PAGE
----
Friday, 3 February 2012

Regrets and choices

If you were only given a matter of weeks or months to live what would you do differently? I wonder if Clive had been told this time last year that he had a matter of days left on this earth what would he have done differently? As his partner what might I have done differently? Would we have made different choices? In some things I guess we would - such as paperwork! In others I have no regrets as I know he knew I loved him and vice versa. Clive had only told someone two weeks before he died how happy and content he was and that gives me great comfort.

I am grateful to Pennie Lordan for posting a reference to an article on Facebook about Regrets of the Dying, based on the observations of a palliative nurse. It is similar to the work by Elisabeth Kubler Ross whose work I read last year and lessons I apply to my life now.

The link to the article is here however read on for the details from the actual site below.

From :-

People grow a lot when they are faced with their own mortality. I learnt never to underestimate someone's capacity for growth. Some changes were phenomenal. Each experienced a variety of emotions, as expected, denial, fear, anger, remorse, more denial and eventually acceptance. Every single patient found their peace before they departed though, every one of them.

When questioned about any regrets they had or anything they would do differently, common themes surfaced again and again. Here are the most common five:

1. I wish I'd had the courage to live a life true to myself, not the life others expected of me. 

This was the most common regret of all. When people realise that their life is almost over and look back clearly on it, it is easy to see how many dreams have gone unfulfilled. Most people had not honoured even a half of their dreams and had to die knowing that it was due to choices they had made, or not made.

It is very important to try and honour at least some of your dreams along the way. From the moment that you lose your health, it is too late. Health brings a freedom very few realise, until they no longer have it.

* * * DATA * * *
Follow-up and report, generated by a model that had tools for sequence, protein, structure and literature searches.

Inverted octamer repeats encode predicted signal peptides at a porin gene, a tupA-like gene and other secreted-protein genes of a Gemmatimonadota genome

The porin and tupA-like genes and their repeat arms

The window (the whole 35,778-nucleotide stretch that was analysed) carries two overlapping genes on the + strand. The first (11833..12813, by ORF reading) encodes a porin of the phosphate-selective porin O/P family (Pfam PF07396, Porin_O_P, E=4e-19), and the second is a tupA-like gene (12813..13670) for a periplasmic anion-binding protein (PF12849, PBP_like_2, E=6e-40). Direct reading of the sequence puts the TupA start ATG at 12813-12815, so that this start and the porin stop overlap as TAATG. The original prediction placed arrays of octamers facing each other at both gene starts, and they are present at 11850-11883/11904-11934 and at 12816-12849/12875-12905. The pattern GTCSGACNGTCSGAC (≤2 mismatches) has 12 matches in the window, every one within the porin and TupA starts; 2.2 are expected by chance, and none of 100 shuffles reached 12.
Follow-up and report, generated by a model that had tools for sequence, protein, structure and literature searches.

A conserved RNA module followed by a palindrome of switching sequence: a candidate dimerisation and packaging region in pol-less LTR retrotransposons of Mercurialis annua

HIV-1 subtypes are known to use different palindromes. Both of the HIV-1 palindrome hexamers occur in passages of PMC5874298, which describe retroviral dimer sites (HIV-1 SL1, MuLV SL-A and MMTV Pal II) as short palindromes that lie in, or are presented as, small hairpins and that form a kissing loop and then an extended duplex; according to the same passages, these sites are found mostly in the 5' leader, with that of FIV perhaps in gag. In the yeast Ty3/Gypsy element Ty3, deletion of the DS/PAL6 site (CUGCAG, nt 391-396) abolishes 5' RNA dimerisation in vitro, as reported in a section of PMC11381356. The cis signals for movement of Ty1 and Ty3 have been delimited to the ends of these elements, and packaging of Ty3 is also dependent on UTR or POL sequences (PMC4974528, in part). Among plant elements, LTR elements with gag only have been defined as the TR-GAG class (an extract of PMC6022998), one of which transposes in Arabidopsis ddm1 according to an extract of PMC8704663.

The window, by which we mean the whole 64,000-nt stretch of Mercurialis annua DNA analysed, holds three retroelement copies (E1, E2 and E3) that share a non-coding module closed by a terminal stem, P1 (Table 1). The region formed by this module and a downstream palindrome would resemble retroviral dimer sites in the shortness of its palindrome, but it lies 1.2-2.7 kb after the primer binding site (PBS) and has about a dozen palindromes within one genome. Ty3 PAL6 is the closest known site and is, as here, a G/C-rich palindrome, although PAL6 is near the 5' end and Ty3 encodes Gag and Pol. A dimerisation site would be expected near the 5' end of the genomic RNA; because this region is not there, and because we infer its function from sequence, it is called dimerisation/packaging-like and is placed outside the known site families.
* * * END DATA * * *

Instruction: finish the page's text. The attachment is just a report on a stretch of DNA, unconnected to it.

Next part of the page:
2. I wish I didn't work so hard. 

This came from every male patient that I nursed. They missed their children's youth and their partner's companionship. Women also spoke of this regret. But as most were from an older generation, many of the female patients had not been breadwinners. All of the men I nursed deeply regretted spending so much of their lives on the treadmill of a work existence.

By simplifying your lifestyle and making conscious choices along the way, it is possible to not need the income that you think you do. And by creating more space in your life, you become happier and more open to new opportunities, ones more suited to your new lifestyle.

3. I wish I'd had the courage to express my feelings.

Many people suppressed their feelings in order to keep peace with others. As a result, they settled for a mediocre existence and never became who they were truly capable of becoming. Many developed illnesses relating to the bitterness and resentment they carried as a result.

We cannot control the reactions of others. However, although people may initially react when you change the way you are by speaking honestly, in the end it raises the relationship to a whole new and healthier level. Either that or it releases the unhealthy relationship from your life. Either way, you win.

4. I wish I had stayed in touch with my friends. 

Often they would not truly realise the full benefits of old friends until their dying weeks and it was not always possible to track them down. Many had become so caught up in their own lives that they had let golden friendships slip by over the years. There were many deep regrets about not giving friendships the time and effort that they deserved. Everyone misses their friends when they are dying.